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First Nation says it will get $4.5 million in 131-year-old dispute

If the decision stands, Beardy’s and Okemasis First Nation will put money into a trust fund for housing and education


 

SASKATOON – A Saskatchewan First Nation says it will receive $4.5 million in compensation for a dispute with the federal government that dates back to the 1885 Northwest Rebellion.

The Specific Claims Tribunal ruled last year that the government breached its lawful obligation to members of the Beardy’s and Okemasis First Nation to pay treaty annuities after the rebellion.

The government at the time believed band members were involved in the resistance and withheld annuities from the First Nation and 13 others in Saskatchewan from 1885 to 1888.

Following the ruling, a compensation hearing was held in the spring of this year.

The federal government has 30 days from last Friday to appeal the decision.

The band’s lawyer, Ron Maurice, says the decision could lead to other First Nations receiving their annuity payments.

“The formula is relatively easy to compute. We know exactly how much money was withheld from each of those bands. So I would hope it could be done very quickly, literally, within weeks if the government was determined to do it that way,” Maurice said.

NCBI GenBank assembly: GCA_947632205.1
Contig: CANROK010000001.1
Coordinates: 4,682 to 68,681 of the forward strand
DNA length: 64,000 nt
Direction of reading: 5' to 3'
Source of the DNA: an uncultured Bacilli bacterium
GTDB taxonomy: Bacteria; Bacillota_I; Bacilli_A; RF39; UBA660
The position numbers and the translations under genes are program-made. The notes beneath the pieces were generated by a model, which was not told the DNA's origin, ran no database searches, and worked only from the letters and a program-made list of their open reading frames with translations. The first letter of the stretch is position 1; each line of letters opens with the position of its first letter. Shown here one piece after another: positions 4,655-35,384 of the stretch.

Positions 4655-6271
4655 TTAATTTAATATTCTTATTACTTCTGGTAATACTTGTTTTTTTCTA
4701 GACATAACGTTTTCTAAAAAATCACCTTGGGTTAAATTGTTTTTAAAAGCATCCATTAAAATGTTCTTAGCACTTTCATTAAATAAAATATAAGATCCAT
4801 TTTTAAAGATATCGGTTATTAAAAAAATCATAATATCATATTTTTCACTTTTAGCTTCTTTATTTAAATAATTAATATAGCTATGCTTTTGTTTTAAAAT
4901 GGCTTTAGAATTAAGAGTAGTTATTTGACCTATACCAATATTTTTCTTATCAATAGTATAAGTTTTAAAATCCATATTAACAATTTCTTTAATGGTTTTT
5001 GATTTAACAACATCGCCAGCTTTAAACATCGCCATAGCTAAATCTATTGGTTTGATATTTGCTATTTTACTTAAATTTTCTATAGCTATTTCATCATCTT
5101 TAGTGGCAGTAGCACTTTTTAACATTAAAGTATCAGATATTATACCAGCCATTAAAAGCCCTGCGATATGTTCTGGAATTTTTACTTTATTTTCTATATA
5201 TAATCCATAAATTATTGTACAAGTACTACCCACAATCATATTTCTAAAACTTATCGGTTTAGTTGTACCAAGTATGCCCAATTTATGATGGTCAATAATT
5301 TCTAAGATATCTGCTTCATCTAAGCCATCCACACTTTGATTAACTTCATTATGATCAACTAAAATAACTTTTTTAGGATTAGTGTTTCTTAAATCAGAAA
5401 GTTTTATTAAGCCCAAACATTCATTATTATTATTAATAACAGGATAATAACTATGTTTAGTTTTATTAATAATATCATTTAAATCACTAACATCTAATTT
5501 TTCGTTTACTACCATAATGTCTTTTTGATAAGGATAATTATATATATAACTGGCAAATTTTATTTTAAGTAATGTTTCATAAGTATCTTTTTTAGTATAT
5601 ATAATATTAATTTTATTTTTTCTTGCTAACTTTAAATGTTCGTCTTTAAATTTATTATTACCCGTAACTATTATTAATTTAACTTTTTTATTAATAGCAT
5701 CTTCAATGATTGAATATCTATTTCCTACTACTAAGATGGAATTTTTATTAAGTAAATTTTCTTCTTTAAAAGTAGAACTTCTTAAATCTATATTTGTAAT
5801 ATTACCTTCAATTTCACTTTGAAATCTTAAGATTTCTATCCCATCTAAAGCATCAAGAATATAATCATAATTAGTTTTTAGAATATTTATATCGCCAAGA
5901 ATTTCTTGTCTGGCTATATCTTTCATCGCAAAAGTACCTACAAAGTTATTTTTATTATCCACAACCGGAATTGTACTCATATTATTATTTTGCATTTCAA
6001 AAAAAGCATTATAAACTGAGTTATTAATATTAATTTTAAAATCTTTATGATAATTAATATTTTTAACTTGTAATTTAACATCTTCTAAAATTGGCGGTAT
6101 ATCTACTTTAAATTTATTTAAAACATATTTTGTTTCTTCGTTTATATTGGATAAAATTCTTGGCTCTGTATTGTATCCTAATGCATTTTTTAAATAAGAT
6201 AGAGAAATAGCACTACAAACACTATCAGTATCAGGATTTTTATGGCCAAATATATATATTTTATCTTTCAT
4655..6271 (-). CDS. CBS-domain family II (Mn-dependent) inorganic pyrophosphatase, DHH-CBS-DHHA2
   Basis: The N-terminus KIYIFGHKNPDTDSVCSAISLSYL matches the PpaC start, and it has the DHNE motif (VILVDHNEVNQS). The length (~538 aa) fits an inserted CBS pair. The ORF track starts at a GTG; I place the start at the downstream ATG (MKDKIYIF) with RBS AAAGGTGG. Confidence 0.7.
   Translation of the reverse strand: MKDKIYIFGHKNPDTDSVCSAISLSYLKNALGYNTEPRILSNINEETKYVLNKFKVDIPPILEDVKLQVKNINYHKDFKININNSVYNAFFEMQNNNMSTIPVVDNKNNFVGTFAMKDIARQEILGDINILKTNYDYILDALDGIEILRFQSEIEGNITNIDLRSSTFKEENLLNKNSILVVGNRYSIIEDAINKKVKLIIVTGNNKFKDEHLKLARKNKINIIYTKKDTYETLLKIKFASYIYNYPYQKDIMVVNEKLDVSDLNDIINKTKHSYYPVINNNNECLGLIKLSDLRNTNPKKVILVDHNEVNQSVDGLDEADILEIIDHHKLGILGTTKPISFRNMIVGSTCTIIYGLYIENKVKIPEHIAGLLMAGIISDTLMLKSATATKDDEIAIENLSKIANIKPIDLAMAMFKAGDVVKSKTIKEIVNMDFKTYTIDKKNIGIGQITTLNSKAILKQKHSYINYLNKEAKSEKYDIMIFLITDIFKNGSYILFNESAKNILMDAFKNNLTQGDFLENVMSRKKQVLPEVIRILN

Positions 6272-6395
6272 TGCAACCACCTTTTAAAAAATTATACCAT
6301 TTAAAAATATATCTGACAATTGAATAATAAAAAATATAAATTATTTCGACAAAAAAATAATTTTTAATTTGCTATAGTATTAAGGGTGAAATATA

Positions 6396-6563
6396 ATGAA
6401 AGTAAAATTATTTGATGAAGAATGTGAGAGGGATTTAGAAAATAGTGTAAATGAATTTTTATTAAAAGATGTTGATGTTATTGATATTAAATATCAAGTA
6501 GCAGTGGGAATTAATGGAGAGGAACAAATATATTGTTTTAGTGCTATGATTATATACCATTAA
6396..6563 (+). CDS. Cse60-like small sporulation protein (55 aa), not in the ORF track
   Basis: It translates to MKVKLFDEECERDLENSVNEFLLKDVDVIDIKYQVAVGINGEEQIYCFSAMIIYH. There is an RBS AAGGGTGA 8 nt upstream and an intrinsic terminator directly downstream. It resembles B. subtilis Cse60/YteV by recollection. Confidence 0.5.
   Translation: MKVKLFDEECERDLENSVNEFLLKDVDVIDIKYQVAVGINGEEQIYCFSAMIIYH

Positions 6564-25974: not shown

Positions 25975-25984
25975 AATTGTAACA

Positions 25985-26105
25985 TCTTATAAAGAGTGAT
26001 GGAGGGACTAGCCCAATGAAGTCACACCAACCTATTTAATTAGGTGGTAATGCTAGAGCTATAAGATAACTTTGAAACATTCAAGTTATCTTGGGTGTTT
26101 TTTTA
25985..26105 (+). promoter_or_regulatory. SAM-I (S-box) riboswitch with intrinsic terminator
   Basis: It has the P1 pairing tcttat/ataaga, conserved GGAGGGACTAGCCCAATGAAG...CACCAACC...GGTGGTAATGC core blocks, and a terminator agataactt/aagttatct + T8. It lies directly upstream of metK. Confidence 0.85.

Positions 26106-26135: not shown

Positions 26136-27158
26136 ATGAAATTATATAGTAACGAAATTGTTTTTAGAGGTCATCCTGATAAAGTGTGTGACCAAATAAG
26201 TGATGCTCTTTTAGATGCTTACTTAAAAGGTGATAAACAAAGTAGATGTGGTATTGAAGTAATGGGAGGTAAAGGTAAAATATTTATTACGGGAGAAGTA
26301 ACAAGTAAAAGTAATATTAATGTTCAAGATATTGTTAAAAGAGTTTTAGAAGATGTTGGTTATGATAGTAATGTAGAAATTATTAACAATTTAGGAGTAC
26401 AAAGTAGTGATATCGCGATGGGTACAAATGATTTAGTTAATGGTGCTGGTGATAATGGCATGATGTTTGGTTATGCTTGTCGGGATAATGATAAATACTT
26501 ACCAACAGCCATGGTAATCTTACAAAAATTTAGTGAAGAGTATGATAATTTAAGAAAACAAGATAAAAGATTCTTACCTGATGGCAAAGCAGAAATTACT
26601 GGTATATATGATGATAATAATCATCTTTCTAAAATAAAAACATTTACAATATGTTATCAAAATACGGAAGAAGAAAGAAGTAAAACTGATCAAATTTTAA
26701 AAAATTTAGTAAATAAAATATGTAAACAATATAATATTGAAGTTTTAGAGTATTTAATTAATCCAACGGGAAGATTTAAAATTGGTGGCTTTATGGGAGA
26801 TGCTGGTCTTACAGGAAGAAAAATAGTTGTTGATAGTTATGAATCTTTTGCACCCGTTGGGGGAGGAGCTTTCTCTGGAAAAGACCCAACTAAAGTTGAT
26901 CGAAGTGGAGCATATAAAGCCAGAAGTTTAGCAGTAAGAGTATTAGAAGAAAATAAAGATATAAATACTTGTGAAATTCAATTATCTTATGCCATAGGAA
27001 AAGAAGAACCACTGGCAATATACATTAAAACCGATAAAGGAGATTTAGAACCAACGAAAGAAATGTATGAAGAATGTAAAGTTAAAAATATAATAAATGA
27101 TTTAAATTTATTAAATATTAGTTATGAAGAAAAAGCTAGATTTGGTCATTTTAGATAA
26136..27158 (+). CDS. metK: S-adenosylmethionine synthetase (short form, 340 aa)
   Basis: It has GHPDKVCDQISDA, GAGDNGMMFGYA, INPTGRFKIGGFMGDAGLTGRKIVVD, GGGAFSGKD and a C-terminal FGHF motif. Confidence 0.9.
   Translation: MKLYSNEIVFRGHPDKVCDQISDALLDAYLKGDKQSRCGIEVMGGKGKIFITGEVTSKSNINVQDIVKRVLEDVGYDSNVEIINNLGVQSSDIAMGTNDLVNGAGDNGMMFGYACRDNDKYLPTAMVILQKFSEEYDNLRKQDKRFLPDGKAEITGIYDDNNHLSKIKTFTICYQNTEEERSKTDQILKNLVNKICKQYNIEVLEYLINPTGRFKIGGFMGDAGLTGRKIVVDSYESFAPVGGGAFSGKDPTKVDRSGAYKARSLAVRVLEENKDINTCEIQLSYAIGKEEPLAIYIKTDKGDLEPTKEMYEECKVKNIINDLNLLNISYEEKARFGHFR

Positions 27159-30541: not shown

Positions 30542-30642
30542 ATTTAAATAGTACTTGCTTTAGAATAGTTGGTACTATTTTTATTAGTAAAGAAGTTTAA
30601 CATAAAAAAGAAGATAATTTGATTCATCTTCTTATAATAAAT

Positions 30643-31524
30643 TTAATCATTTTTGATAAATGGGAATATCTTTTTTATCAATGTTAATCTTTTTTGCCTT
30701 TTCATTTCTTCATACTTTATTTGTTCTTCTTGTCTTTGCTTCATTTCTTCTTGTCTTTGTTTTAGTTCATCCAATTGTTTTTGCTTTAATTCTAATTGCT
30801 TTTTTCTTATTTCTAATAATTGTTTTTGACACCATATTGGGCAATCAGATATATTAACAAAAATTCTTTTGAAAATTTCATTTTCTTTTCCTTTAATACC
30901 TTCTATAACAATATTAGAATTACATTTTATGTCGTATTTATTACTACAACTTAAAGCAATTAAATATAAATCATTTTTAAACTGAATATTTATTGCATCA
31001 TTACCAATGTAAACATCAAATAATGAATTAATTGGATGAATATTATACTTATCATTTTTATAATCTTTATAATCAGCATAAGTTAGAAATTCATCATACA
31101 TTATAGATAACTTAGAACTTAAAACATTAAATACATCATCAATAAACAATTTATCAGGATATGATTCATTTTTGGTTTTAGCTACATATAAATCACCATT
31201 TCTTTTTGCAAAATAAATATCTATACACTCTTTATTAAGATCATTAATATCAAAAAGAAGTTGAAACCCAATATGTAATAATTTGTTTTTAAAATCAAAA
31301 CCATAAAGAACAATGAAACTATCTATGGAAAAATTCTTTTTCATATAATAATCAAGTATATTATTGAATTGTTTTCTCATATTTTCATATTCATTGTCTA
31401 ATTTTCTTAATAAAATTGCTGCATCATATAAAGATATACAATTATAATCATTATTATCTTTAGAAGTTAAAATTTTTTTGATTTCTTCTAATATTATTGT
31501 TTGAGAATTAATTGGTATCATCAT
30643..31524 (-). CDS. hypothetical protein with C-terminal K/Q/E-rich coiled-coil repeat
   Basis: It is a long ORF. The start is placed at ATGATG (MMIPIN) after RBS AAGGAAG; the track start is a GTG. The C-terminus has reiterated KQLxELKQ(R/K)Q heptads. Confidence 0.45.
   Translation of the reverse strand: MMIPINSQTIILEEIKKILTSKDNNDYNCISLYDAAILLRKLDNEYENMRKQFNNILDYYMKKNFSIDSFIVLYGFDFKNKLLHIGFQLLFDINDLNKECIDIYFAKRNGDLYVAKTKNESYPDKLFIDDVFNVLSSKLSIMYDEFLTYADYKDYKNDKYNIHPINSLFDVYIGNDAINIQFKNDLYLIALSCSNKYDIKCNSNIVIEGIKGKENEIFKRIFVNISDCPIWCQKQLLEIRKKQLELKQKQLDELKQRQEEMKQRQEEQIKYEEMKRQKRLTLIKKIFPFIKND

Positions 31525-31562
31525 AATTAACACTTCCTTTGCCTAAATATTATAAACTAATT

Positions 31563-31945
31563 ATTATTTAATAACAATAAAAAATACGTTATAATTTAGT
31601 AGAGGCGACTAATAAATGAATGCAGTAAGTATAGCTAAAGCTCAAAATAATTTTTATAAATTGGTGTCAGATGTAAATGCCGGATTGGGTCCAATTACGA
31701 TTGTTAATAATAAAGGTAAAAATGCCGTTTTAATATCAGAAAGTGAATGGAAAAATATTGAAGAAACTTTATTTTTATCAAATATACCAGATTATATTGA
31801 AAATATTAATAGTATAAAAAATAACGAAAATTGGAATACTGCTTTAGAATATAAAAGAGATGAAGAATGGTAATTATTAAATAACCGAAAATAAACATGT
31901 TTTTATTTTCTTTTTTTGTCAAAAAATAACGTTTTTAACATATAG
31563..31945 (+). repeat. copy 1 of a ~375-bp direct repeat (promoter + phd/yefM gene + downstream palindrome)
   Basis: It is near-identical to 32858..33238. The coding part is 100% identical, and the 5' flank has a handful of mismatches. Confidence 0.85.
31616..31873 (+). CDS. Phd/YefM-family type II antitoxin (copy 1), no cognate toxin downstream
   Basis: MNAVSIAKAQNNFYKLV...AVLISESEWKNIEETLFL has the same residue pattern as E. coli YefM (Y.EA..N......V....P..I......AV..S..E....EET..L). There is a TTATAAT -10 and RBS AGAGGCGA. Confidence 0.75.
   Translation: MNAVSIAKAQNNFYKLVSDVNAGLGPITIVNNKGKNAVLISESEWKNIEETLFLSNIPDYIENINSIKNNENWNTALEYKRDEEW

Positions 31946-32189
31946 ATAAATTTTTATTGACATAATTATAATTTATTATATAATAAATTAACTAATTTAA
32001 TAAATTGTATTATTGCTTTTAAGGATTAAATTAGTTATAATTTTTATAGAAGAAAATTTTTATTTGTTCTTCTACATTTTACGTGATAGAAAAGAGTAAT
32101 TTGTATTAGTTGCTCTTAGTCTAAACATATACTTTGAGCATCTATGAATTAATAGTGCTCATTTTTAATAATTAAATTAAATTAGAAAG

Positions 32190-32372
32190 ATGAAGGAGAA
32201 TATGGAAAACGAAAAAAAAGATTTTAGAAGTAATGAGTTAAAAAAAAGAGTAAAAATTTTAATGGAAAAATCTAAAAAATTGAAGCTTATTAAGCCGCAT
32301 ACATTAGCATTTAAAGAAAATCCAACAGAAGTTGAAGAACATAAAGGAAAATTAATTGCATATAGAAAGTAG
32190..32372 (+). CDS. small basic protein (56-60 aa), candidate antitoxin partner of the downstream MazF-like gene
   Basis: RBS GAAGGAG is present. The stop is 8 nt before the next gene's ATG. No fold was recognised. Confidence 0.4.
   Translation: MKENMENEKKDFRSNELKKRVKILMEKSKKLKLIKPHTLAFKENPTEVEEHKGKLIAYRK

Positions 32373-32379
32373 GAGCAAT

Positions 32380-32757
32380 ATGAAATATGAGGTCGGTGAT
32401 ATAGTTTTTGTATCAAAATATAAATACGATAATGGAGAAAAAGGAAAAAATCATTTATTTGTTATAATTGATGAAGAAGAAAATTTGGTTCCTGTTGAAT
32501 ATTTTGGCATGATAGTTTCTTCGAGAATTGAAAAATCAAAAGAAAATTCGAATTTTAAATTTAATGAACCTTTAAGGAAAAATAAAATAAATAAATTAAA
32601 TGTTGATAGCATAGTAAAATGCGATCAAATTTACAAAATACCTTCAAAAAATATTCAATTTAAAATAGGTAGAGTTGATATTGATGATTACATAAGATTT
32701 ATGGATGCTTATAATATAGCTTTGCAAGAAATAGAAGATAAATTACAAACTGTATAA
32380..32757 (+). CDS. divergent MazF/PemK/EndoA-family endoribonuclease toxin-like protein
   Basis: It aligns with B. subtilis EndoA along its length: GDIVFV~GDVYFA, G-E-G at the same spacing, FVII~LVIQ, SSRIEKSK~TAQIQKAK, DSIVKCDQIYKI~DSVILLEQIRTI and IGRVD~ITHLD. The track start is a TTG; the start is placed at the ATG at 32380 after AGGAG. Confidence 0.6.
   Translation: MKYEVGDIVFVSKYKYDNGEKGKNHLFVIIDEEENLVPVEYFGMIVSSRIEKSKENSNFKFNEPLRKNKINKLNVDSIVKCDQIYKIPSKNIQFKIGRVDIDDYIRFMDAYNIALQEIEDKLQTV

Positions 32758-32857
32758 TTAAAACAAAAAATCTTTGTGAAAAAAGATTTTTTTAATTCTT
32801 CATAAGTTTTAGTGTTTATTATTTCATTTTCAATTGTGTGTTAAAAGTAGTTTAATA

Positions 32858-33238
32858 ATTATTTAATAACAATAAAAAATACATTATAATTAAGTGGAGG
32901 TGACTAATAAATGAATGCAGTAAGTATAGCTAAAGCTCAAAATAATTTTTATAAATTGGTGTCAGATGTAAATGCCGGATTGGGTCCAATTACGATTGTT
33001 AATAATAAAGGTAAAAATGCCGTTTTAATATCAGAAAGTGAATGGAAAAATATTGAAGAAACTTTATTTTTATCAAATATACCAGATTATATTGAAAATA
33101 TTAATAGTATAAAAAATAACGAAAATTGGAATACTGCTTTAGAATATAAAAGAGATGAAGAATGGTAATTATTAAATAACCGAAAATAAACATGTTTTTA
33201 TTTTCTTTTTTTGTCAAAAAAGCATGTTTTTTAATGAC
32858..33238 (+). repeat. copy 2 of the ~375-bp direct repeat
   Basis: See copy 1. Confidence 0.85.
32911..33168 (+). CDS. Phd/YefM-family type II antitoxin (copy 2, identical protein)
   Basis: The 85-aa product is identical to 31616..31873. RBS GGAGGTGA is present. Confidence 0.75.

If the decision stands, Maurice says the money will be moved to a trust fund that will be used for long-term housing, education, and other community needs.

The First Nation is about 90 kilometres north of Saskatoon.

After the rebellion, the federal government labelled men, women and children on the First Nation, along with the 13 others, as “rebel Indians” even though many could not have possibly taken part in the resistance.

In addition to withholding annuity payments, a pass system was strictly enforced, not allowing residents to leave the reserves without permission.

Beardy’s and Okemasis First Nation Chief Rick Gamble says the judicial system is costing everyone a lot of money, and that public money could be better spent on things other than fighting treaty rights.

“We keep winning these treaty rights battles and the government keeps insisting on fighting,” Gamble said. “Why don’t you spend that money at a round table and fulfil those treaties instead of fighting treaties, because you’re going to lose.”


 

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